As far as the quartzite is concerned, the huge education has been for myself and our team on how to address sealing it and making sure that moisture does not enter the product. By the time we get the material to the customer, we should only have to explain to them how to care for it, and that they should use it like any other countertop they have had in the past. 

Some of the issues that we have with many of our natural stones are the fact that they put resins in all of them to seal up cracks and fishers. This creates the use of stone countertops to be more like a laminate countertop. Meaning, no heat or not to cut on them, because the heat will affect the resins and the resins can be scratched as they are not durable as the material itself. 


SW: Are there any challenges that you find when working with quartzite? 

MF: Yes, water retention is our largest challenge. Some quartzites have no water retention, and others take days, or weeks to dry out. That is even with pre-sealing the slab before cutting. The drying process can consist of just putting in front of a fan or resorting to using a dry room with dehumidifier.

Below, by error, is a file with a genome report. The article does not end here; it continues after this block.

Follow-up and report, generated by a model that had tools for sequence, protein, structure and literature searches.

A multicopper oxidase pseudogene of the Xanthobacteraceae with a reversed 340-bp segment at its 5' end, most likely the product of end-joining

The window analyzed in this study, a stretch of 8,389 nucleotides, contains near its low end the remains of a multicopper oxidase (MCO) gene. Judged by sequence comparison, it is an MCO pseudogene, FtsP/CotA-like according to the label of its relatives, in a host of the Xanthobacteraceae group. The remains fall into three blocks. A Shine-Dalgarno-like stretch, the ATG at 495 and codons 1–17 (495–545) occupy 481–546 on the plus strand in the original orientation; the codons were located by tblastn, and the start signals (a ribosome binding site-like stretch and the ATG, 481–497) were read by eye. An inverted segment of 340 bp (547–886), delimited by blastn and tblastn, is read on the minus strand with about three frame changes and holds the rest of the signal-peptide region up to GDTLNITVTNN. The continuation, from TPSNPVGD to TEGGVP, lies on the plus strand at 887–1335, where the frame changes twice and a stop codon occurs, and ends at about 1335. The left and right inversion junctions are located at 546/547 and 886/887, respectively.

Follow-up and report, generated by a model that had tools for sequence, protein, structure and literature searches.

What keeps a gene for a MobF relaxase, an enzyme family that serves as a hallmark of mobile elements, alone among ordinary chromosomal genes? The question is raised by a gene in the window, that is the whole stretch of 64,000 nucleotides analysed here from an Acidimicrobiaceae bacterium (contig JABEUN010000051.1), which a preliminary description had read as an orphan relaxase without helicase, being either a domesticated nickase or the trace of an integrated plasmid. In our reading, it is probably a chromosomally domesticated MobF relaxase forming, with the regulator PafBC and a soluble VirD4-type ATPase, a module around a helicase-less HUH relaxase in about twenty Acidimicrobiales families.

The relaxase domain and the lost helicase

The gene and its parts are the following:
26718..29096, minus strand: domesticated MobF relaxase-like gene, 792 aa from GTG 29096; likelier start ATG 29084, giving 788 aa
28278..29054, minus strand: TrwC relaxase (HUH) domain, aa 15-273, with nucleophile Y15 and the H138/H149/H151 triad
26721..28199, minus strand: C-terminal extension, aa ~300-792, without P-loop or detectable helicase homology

TF: On all quartzites, we use special blades that cost more, and we run our saws slower. This adds time and expense to fabrication, but these details are addressed upfront with our customers.  We have had moisture retention on seams and around faucet holes, aka bleeding or staining. It isn’t always noticeable upon installation and can “gray” the veins weeks and even months after installation. We take precautions to seal prior to cutting and fabricating, which reduces the instances; however, we do educate our clients upon the possibility of this happening. One way to dry this out is to use a mixture of baking soda or diatomaceous earth and acetone. Mix to create a texture similar to pancake batter. Pour over the shaded area, with a 1/2-inch overlap onto either side. Cover with plastic and secure with blue tape. Allow to sit for 12 hours, and repeat as needed. This process may take several applications for the bleeding to dry out. It is also recommended to open cabinet doors, and if a fan is available, turn it on to help dry it out from the underside.